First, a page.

Registration Dossier

Administrative data

Endpoint:
specific investigations: other studies
Type of information:
experimental study
Adequacy of study:
supporting study
Reliability:
1 (reliable without restriction)
Rationale for reliability incl. deficiencies:
test procedure in accordance with generally accepted scientific standards and described in sufficient detail

Data source

Reference
Reference Type:
study report
Title:
Unnamed
Year:
2010
Report Date:
2010

Materials and methods

Principles of method if other than guideline:
The potential of the test substance to sensitize the heart to a challenge of epinephrine injection was tested in Beagle dogs.
GLP compliance:
yes
Type of method:
in vivo
Endpoint addressed:
other: cardiac sensitization

Test material

Reference
Name:
Unnamed
Type:
Constituent
Test material form:
other: colourless gas
Details on test material:
- Analytical purity: 99.91413%

Test animals

Species:
dog
Strain:
Beagle
Sex:
male

Administration / exposure

Route of administration:
inhalation: gas
Vehicle:
air
Analytical verification of doses or concentrations:
yes
Duration of treatment / exposure:
air approximately 7 minutes
test substance approximately 10 minutes
Frequency of treatment:
one time exposure
Doses / concentrationsopen allclose all
Remarks:
Doses / Concentrations:
70000 ppm [7%]; 80000 ppm [8%]; 90000 ppm [9%]
Remarks:
Doses / Concentrations:
71477 ppm with SD of 3238; 82286 ppm with SD of 571; 90416 ppm with SD of 1179
No. of animals per sex per dose:
6 dogs exposed to 70000 ppm
1 dog exposed to 90000 ppm
1 dog exposed to 80000 ppm

Results and discussion

Details on results:
After exposure to 70000 ppm test substance, 2 of the 6 animals displayed continuous convulsions and excessive salivation and one animal had dilated pupils in both eyes.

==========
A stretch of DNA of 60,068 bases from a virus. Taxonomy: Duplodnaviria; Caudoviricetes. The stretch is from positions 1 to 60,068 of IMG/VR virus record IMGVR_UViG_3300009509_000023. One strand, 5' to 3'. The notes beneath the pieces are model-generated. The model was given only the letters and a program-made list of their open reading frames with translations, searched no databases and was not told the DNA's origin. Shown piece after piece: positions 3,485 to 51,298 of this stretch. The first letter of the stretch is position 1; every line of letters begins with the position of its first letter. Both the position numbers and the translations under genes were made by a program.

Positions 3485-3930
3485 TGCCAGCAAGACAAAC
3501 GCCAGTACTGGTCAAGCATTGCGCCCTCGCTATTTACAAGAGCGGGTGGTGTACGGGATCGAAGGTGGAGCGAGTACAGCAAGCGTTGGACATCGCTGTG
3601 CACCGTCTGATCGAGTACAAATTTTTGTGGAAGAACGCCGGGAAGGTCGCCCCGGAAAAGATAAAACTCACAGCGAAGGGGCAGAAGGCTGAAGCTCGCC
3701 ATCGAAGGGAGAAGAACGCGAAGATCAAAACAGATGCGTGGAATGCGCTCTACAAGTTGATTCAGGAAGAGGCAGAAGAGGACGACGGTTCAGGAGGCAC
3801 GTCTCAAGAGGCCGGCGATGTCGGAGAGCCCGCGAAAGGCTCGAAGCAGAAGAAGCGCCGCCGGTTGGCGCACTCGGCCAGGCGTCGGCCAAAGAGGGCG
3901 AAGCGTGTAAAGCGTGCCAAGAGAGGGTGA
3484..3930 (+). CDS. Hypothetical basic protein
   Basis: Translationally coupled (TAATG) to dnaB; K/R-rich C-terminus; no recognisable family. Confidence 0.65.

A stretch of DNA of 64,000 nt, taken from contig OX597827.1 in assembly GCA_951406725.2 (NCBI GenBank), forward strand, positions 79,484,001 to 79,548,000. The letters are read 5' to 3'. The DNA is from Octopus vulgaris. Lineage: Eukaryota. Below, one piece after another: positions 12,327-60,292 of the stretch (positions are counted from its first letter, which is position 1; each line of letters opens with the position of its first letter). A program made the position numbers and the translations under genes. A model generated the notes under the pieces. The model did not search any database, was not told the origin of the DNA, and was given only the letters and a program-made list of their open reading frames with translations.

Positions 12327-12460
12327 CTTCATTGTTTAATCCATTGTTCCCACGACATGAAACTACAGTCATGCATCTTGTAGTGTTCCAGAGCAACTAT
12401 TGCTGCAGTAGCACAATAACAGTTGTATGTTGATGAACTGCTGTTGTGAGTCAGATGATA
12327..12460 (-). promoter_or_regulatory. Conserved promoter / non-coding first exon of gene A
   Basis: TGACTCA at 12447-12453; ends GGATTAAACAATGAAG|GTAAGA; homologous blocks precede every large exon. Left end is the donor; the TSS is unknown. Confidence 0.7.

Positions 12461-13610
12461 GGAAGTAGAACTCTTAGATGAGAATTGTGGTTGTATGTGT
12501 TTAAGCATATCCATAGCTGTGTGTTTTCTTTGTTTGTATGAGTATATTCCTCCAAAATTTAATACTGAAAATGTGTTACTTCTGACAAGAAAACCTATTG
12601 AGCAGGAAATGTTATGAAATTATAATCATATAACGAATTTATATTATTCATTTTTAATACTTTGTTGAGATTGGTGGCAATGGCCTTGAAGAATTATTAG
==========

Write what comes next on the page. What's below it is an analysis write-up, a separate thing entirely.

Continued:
After exposure to 90000 ppm test substance, intermittent and then continuous convulsions, excessive salivation, and dilated pupils of both eyes were noted for this animal. Exposure was terminated due to the severity of the observed clinical signs. No other animal was exposed to the test substance at 90000 ppm due to the adverse reaction shown.

After exposure to 80000 ppm test substance, intermittent and then continuous convulsions and excessive salivation were noted for this animal. Exposure was terminated due to the severity of the observed clinical signs. No other animal was exposed to the test substance at 80000 ppm due to the adverse clinical observations noted.

Due to the lack of PVCs with confluency, ventricular tachycardia, and fibrillation following the exposure of 70000 ppm test substance where animals were challenged with epinephrine, it was determined that exposure at this level did not result in cardiac sensitization. Because the epinephrine challenge was unable to be administered following exposure of 80000 and 90000 ppm, the potential for cardiac sensitization at these exposure levels was unable to be assessed.

Applicant's summary and conclusion

Conclusions:
The study and the conclusions which are drawn from it fulfil the quality criteria (validity, reliability, repeatability).
The no-observed-effect concentration (NOEC) for cardiac sensitization was 70000 ppm test substance.
Executive summary:

The objective of this study was to evaluate the cardiac sensitization potential during acute inhalation exposures by assessing the response to various concentrations of the test substance in Beagle dogs. Cardiac sensitization in this context refers to the potential for the test substance to increase the sensitivity of the heart to the pharmacological effects of epinephrine.